There is a strong international commitment to promoting the provision of CSE among young people. Agreements such as Convention on the Rights of the Child, Committee on the Elimination of Discrimination against Women (CEDAW), and  Convention on the Rights of Persons with Disabilities show support for CSE. The Nairobi Summit will mark the 25th Anniversary for ICPD. The summit will provide an opportunity for governments and other stakeholders to revamp their commitment to ensuring access for adolescents and youth to comprehensive and age-appropriate information, education and adolescent-friendly, comprehensive, quality and timely services to be able to make informed choices about their sexuality and reproductive lives, to adequately protect themselves from unintended pregnancies, gender-based violence, sexually transmitted infections and HIV/AIDS, and to be able to transition safely and happily into adulthood (Nairobi Summit 2019).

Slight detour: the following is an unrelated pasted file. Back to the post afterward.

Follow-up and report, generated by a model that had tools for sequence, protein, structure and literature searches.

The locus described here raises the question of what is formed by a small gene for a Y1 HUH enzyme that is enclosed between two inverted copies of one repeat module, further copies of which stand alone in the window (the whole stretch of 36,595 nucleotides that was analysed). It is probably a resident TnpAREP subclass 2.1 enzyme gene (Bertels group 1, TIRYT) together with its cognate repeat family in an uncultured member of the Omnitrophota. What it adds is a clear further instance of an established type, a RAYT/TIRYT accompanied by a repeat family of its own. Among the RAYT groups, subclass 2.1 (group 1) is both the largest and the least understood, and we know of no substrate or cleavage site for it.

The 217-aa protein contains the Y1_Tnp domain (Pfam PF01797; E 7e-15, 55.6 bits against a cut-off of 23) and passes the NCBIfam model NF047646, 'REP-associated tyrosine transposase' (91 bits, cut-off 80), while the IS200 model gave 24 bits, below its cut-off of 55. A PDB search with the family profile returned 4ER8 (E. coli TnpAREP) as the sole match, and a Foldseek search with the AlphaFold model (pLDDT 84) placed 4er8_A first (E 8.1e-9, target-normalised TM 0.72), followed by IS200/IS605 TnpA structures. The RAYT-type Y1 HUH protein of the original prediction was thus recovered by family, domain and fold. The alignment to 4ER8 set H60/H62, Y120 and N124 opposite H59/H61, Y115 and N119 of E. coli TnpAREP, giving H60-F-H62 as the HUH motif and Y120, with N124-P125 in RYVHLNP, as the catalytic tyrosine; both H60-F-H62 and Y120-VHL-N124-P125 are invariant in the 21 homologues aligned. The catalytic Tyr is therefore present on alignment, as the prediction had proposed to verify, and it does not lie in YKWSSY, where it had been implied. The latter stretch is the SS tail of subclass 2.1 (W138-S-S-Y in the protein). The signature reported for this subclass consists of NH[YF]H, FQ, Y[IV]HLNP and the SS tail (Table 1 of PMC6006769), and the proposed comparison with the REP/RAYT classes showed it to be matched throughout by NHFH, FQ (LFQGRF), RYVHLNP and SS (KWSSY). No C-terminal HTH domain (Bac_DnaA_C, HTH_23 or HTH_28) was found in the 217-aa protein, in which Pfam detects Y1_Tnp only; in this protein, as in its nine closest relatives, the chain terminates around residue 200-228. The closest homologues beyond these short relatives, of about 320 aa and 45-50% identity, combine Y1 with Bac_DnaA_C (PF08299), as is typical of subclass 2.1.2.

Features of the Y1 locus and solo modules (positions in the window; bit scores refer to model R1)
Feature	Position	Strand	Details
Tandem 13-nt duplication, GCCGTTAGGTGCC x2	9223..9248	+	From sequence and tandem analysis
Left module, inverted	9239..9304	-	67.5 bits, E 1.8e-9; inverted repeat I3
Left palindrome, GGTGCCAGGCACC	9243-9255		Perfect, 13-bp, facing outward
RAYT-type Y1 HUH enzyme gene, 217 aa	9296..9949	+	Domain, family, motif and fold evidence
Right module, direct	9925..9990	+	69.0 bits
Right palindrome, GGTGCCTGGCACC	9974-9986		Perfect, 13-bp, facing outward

I believe the time is ripe for governments in East and Southern Africa to invest in teaching CSE. Zambia is implementing a gender-responsive CSE programme and is a signatory to the ESA Ministerial Commitment on CSE. The curriculum in Zambia places great emphasis on puberty, HIV prevention, gender equality, sexual and reproductive health, relationships and human rights. It is time for more countries to operationalise and strengthen their CSE programmes. The policy framework is robust, and from this, a rich school-based curriculum should be developed to allow age-appropriate learning of CSE. The curricula should be objective, and evidence-based and apply a gender lens to addressing sexual and reproductive health issues, as opposed to promoting prescriptive and fear-based teaching approaches. The curricula should foster critical thinking for students to better comprehend sexuality and reproductive health. When this is done, we will have a healthier and productive population, fast-tracking the achievements of Sustainable Development Goals.